After Smith left Monterey, he opened up his own shop around 1980. Vance says Smith was one of the first to use new epoxy resins for his cold-molded hulls, which consisted of laminated layers of wood veneer.

“Jim was the first guy to really look at the ­construction of sport-fishing boats and say they don’t need to be that heavy,” Vance says, adding that Smith’s lighter boats were doing 30 knots when others were running at 20. “Jim really got it going, then Richard Garlington, Gamefisherman and L&H all did it.”

From Mothership to Tender

Like Smith, Dominick LaCombe of American Custom Yachts also had a Monterey Marine connection. He was vice president of the company, which he left in 1989. In 1992, he built a 58-foot sport-fisherman for the Chouest family from Louisiana, who loved marlin fishing. That boat, named Freedom, went on a world tour, and ­business for ACY took off accordingly.

Needing to expand its boatbuilding facilities, as well as improve its ability to service its boats, the company bought the Monterey facility a few years later. That proved to be a smart decision. General manager Dominick LaCombe Jr. says service makes up 60 to 70 percent of ACY’s business, while new hull construction comprises the remaining 30 to 40 percent. The parent company that owns ACY also has acquired Westport, a yacht builder in Washington state, as well as the Venture line of center consoles, which adds a whole new ­dimension to its business.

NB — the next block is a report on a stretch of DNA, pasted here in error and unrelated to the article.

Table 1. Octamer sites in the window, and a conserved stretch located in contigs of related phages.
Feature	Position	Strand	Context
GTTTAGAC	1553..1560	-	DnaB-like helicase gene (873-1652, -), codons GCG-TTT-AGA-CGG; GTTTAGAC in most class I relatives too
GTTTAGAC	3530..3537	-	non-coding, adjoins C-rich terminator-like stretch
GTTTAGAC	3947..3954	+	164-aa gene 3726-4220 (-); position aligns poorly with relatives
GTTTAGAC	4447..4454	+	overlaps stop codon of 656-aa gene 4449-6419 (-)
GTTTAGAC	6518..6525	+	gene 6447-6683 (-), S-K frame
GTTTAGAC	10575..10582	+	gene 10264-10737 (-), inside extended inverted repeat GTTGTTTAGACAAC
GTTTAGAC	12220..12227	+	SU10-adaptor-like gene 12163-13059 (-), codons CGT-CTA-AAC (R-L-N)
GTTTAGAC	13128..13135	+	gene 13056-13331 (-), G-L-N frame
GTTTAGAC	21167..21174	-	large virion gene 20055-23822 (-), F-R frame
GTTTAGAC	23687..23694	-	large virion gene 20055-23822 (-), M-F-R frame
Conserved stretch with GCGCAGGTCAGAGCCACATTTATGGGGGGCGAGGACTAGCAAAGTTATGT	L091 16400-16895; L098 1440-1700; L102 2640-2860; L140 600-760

“There are not many companies in the world right now that can say they can build the entire fleet for the owner, from the mothership to a custom sport-fisherman to a center console tender, and do it all with the quality we can offer,” LaCombe says.

He also says that ACY’s sport-fishers are lighter and faster than ever before, in part because the boats’ topsides and bridges are all-composite core. “We have much better efficiencies in terms of speed and fuel burn for the performance of the boats because of weight savings,” LaCombe says.

Mark Willis jokes that he’s the new kid on the block in Stuart, having finished his first boat, KDM, in 1993. Like Freedom, the boat was an immediate hit, and Willis Marine has been going strong ever since.